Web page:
Preferred coating compositions are those wherein (i) is present from about 40 to 70 percent by weight and contains a combination of A, B and C; (ii) is present from about 10 to 30 percent by weight and (iii) from 10 to 50 percent. Also included within the scope of this invention are substrates coated with the coating composition disclosed herein.
The polymeric compositions of this invention have particular utility in coatings that display good mar and etch resistance. Such coatings typically comprise crosslinkers such as melamine resins, blocked or unblocked isocyanates, and mixtures thereof. Other components can be added as will be obvious to one skilled in the art to obtain improved properties. A catalyst is typically added to catalyze the crosslinking of the silane moieties of the silane polymer with itself and with other components of the composition, including the dispersed polymer. Typical of such catalysts are dibutyl tin dilaurate, dibutyl tin diacetate, dibutyl tin dioxide, dibutyl tin dioctate, tin octoate, aluminum titanate, aluminum chelates, zirconium chelate and the like. Tertiary amines and acids or combinations thereof are also useful for catalyzing silane bonding. Preferably, these catalysts are used in the amount of about 0.1 to 5.0% by weight of the composition.
To improve weatherability of a clear finish produced by the present coating composition, an ultraviolet light stabilizer or a combination of ultraviolet light stabilizers can be added in the amount of about 0.1 to 5% by weight, based on the weight of the binder. Such stabilizers include ultraviolet light absorbers, screeners, quenchers, and specific hindered amine light stabilizers. Also, an antioxidant can be added, in the amount of 0.1 to 5% by weight based on the weight of the binder.
Typical ultraviolet light stabilizers that are useful include benzophenones, triazoles, triazines, benzoates, hindered amines and mixtures thereof. The composition can also include conventional formulation additives such as flow control agents such as Resiflow® S (polybutylacrylate), BYK® 320 and 325 (high molecular weight polyacrylates), rheology control agents, such as fumed silica; water scavengers such as tetrasilicate, trimethyl orthoformate, triethyl orthoformate, and the like.
When the present composition is used as a clearcoat (topcoat) over a pigmented colorcoat (basecoat) to provide a colorcoat/clearcoat finish, small amounts of pigment can be added to the clear coat to eliminate undesirable yellowing. The composition also can be pigmented and used as the colorcoat, or as a monocoat or even as a primer or primer-surfacer. The composition has excellent adherence to a variety of substrates, such a previously painted substrates, cold rolled steel, phosphatized steel, and steel coated with conventional primers by electrodeposition. The present composition exhibits excellent adherence to primers, for example, those that comprise crosslinked epoxy polyester and various epoxy resins, as well as alkyd resin repair primers. The present composition can be used to coat plastic substrates such as polyester reinforced fiberglass, injection-molded urethanes and partially crystalline polyamides.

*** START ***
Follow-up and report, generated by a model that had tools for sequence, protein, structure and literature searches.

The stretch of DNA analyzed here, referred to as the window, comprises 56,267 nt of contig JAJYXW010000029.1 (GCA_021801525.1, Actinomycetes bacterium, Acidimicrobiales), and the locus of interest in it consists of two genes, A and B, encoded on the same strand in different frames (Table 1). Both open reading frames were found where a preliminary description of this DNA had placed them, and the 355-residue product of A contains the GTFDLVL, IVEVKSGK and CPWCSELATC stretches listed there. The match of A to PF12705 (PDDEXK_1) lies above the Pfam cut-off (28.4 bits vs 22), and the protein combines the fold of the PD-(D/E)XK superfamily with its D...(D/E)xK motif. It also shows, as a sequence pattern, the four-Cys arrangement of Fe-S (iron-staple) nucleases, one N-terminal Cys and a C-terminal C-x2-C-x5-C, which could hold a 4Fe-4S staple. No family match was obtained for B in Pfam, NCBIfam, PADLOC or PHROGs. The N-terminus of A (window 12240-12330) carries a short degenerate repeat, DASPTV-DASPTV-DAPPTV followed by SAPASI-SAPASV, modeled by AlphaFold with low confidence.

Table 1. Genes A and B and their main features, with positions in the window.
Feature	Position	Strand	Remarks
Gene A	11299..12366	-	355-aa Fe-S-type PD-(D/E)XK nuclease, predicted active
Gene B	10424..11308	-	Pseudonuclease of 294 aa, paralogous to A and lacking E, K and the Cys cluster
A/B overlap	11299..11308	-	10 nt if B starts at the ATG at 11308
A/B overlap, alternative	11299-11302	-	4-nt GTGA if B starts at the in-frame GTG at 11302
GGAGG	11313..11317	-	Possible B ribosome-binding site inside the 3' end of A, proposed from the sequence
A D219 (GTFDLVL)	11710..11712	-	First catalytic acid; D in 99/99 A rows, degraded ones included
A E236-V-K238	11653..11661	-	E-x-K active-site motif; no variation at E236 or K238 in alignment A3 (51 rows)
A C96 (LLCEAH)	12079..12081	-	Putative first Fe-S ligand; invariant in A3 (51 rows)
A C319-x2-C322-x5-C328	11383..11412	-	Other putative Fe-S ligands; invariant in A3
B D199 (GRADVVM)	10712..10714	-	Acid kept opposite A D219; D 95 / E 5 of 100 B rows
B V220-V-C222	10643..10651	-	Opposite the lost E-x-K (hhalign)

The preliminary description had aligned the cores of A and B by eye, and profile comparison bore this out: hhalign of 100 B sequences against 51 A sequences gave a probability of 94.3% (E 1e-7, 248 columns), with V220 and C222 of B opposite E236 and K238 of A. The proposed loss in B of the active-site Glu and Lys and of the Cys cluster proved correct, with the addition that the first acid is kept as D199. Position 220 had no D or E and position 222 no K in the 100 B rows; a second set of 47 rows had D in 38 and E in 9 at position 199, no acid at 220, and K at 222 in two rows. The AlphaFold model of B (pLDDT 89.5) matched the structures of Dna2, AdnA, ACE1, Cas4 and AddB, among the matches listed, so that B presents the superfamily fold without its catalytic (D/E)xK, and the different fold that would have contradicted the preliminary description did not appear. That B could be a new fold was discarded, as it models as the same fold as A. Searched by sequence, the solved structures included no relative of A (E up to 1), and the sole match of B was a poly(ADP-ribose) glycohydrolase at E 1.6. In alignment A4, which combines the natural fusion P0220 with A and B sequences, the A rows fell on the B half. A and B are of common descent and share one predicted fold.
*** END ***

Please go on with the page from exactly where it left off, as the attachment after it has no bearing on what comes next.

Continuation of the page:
When the present coating composition is used as a basecoat, typical pigments that can be added to the composition include the following: metallic oxides such as titanium dioxide, zinc oxide, iron oxides of various colors, carbon black, filler pigments such as talc, china clay, barytes, carbonates, silicates and a wide variety of organic colored pigments such as quinacridones, copper phthalocyanines, perylenes, azo pigments, indanthrone blues, carbazoles such as carbazole violet, isoindolinones, isoindolones, thioindigo reds, benzimidazolinones, metallic flake pigments such as aluminum flake, and the like.
The pigments can be introduced into the coating composition by first forming a mill base or pigment dispersion with any of the aforementioned polymer used in the coating compositions or with another compatible polymer or dispersant by conventional techniques, such as high speed mixing, sand-grinding, ball-milling, attritor-grinding or two roll-milling. The mill base is then blended with the other constituents used in the coating composition.